Becoming a Trusted Advisor
Posted June 19, 2012
What does it take?
By David L. Johnson, DABCHS, CHS-V
During the 2012 Protective Security Conference hosted by Michael Nossaman and Varro Press, I heard an oft-repeated common theme amongst executive protection practitioners attending the conference and observed that this theme was incorporated into a number of presentations delivered at the conference. That theme is a common goal of executive protection professionals the world over and we all strive, or should be striving, to meet the goal that it articulates: to become the trusted advisor on matters of personal security to our Principals. What we espouse by that statement is a desire for our protectees to recognize that we possess specialized training, education and experience specifically related to personal protection issues and that as professionals, we can provide sound advice on matters that may concern them. Without reservation, I support the desire and efforts to achieve that goal. Seasoned agents can measure themselves by this standard when evaluating the success of their professional ambitions.
It sounds good but it may not be a goal that is easily achieved. Like respect, it is something that must be earned and this status is generally not given lightly. Before we can achieve this status with any given Principal, we must generally earn a position of special faith, trust and confidence. Only then, in my experience, will we occupy that position of being the trusted advisor. So, in the days since the conference I have given some thought to the issue and having enjoyed that special status on a few occasions, I started to think about what it takes to get there.
You Won’t Always Get What You Want – But So What?
One of the things that I think we all need to recognize is that we will not always get there. Most of the time, the very nature of the beast in the private sector sometimes does not allow the kind of longer-term tenure needed to develop that kind of special faith, trust and confidence that we must develop with our protectee. I just finished a trip supporting a colleague of mine who had won a contract to support a star-studded special event, red carpet and all. There were a number of protectees at the venue, a number of protection professionals and we got to support them for an approximate total of 48 – 72 hours all in all. Not a one of them ever saw me as I assisted the operation from the command post position. Not once did I ever get to provide sage advice to a protectee and none of them know my name or would recognize my face. That’s ok, that’s a part of this profession but just because I did not get to be the “trusted advisor” to a well known entertainer at that event, it doesn’t mean I did not enjoy that status. In fact, I did. If not to the protectee, then who valued my contributions in such a way?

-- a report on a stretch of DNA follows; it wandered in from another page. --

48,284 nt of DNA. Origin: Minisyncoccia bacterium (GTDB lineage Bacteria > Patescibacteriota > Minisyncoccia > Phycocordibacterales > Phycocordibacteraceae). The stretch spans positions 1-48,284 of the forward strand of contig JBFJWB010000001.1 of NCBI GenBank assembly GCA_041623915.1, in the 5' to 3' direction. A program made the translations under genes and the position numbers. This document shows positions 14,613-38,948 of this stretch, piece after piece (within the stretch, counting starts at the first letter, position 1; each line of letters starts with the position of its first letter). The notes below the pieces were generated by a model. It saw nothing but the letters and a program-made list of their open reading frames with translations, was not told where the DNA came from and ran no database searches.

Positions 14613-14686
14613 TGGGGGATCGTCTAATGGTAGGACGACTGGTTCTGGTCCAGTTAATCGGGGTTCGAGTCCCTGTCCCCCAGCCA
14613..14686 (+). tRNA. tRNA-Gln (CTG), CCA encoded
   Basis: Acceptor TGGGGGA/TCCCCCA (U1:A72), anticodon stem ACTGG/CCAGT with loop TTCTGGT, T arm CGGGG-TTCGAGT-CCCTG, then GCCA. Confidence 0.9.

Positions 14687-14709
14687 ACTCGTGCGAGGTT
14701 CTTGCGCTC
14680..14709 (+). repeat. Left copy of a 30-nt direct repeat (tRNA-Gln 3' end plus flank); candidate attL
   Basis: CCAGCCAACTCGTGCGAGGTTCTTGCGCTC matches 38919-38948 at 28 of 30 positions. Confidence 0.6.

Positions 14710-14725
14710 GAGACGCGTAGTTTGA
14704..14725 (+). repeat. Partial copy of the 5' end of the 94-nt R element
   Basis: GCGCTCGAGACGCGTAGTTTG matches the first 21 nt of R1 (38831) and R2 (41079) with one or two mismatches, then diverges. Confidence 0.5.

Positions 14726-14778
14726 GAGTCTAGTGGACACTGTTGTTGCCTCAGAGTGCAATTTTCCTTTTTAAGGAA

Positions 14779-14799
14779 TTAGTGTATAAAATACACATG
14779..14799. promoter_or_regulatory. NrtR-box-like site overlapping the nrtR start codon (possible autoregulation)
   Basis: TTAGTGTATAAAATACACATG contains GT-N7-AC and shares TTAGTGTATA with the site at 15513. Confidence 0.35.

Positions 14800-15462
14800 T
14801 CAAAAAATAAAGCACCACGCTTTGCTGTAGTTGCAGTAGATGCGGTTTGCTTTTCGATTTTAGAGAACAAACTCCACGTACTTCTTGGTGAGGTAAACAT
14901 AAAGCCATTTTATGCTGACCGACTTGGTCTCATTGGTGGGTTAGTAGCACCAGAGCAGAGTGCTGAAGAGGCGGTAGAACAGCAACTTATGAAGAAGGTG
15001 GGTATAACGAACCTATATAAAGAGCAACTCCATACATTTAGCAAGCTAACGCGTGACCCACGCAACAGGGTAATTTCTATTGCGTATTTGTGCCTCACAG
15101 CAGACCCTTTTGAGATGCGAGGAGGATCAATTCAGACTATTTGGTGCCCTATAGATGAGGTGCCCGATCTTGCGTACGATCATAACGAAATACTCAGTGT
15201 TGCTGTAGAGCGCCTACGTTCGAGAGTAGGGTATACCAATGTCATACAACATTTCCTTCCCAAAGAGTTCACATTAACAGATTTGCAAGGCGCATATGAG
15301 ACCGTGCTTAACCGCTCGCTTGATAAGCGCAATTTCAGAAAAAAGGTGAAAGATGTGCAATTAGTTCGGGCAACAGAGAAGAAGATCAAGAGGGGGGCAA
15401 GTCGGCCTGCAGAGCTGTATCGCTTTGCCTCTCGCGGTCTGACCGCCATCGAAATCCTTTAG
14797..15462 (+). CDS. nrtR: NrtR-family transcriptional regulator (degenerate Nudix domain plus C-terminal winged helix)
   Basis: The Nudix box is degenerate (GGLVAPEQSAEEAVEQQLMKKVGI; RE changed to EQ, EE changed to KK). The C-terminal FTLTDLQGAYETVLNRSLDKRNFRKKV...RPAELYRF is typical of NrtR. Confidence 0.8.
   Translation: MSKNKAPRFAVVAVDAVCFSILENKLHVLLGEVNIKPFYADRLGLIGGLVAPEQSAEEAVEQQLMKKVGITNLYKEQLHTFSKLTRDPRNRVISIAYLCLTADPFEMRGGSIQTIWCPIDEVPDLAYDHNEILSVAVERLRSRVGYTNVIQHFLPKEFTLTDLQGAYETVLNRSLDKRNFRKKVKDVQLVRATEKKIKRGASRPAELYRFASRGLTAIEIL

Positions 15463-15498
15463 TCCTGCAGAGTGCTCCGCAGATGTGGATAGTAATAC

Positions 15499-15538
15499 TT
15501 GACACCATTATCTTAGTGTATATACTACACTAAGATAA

I would like to think my boss did. In fact, his actions indicated he did as while this successful practitioner, company owner and successful contract winner went about his planning and coordination efforts, every once in a while, he’d bounce an idea or a concept off of me to get my feedback and input. He gave me authority to make decisions, to allocate resources, to provide direction, to coordinate activities between protective teams and to lead various portions of his efforts. I also enjoyed having younger agents ask for guidance, suggestions and my opinion on options they were weighing. Some of the seasoned agents on the team did the same thing. You know what? That’s not a bad thing as sometimes two heads are better than one and to them, at those select times, I was the trusted advisor.
This aspect is not limited to the private sector; I sometimes found the same kind of circumstances during my US Army career. As the Chief of Investigative Support for the US Army’s Protective Services Unit, we had some pretty well known names listed amongst our protectees. General Colin Powell was Chairman of the Joint Chiefs of Staff. The Honorable Dick Cheney was Secretary of Defense and the list goes on to include other civilian leaders and outstanding and distinguished General Officers. Though my job title sounds lofty, not a one of them would recognize my name. A couple might remember my face but my job did not involve day-to-day contact with them. There were Team Chiefs and Personal Security Officers (PSO) that directly supported them who earned the trusted advisor role with those protectees. But I was a behind the scenes trusted advisor to those trusted advisors from time to time. It is an honor to be in that position whenever one can be. When the primary interface between your organization and its Principals seeks advice and counsel from you, you help empower those people to be successful in their endeavors and to achieve the overall goals of the organization you support at the time!
Now, at times, we will be that primary interface with the protectee and will strive to develop that special relationship that is defined by being the “trusted advisor” and earning that kind of confidence is done the same way as you earn the “trusted advisor” status to others in our profession. How can that be done?